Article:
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Nigerian fighting pushes oil price to record high

The Guardian: Nigerian fighting pushes oil price to record high

“”Once again the security situation in Nigeria is proving to be a real concern,” said Simon Wardell, oil analyst at World Markets Research Centre in London.”

Ashley Seager

Tuesday September 28, 2004

World oil prices set record highs of almost $50 a barrel yesterday as fears of disruption to Nigerian supplies spooked an already tight market and threatened to have a knock-on effect at garage forecourts.

The highest demand for oil in 25 years means global production is stretched to the limit, so news of fresh fighting between government troops and rebels in Nigeria’s oil-rich Delta pushed up prices.

US light crude futures rose 86 cents a barrel to $49.74, breaking the previous record of $49.40 set over a month ago. Brent crude surged 87 cents to a new high of $46.25.

World stock markets fell on concern that rising oil prices could damage the global economy. The Dow Jones industrial average dipped below 10,000.

“Once again the security situation in Nigeria is proving to be a real concern,” said Simon Wardell, oil analyst at World Markets Research Centre in London. “We expect to see prices go through $50 a barrel as a consequence of this and hurricane Ivan, as some facilities [in the Gulf of Mexico] are still damaged.”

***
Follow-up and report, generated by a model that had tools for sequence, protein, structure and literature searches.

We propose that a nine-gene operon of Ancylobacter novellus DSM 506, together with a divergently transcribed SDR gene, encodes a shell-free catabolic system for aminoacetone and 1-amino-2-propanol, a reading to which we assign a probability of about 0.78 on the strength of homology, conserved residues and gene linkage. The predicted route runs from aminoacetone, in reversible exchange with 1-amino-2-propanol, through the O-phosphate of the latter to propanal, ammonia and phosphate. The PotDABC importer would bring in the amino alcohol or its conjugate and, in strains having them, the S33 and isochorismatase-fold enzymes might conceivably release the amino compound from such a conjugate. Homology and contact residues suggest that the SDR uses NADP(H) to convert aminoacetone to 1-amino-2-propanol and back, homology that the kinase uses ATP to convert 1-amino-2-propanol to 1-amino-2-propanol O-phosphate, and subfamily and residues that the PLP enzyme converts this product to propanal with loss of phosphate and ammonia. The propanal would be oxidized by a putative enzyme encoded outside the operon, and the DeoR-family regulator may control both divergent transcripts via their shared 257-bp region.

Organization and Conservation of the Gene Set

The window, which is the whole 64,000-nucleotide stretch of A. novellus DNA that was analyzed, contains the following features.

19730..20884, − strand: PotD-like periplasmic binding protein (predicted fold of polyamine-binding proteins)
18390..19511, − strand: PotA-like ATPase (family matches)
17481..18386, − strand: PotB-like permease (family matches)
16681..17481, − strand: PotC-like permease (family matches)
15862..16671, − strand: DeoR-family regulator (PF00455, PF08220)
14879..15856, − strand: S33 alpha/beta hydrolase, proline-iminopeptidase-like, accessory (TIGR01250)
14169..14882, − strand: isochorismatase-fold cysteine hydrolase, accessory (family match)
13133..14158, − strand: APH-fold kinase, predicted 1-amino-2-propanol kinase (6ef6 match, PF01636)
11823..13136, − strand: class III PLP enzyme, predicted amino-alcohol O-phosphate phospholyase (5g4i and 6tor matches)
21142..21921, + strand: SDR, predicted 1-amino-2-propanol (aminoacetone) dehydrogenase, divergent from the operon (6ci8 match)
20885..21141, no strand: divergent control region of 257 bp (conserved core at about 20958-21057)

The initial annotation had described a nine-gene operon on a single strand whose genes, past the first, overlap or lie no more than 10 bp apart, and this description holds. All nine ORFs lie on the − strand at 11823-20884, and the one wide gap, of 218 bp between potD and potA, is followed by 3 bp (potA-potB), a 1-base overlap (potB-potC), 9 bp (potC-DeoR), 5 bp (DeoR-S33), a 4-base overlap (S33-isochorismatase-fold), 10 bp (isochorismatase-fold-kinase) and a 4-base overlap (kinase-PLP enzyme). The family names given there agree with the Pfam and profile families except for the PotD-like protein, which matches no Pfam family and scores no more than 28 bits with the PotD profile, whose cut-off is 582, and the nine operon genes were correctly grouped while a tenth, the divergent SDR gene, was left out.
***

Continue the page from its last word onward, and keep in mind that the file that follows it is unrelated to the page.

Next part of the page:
Rebels announced the beginning of a new offensive across Nigeria’s entire southern delta region, and oil group Shell announced it was pulling some staff out of the impoverished area as a precaution.

Nigeria pushed output to 2.5m barrels per day (bpd) of crude but had to cut that by 10% because of the strain on its ageing oil infrastructure.

Oil prices fell back in late August as the Opec cartel increased production, but they have jumped in the past couple of weeks on supply disruption in the Gulf of Mexico caused by hurricane Ivan. News that Iraqi output had jumped to 2.5m bpd, its highest level since before the US-led invasion last year, did little to soothe the market. Dealers know the country’s oil infrastructure is subject to almost daily attacks and supply is unreliable.

Opec pumped 30.5m bpd this month, the highest level since 1979, but with most cartel members at maximum output, only Saudi Arabia has spare capacity. Demand from China, India and the US is easily absorbing the extra output.

Separately, Reuters reported that the IMF had raised its forecast for world economic growth this year to 5% but trimmed next year’s to 4.3% due to a slightly weaker outlook for the US and Chinese economies.

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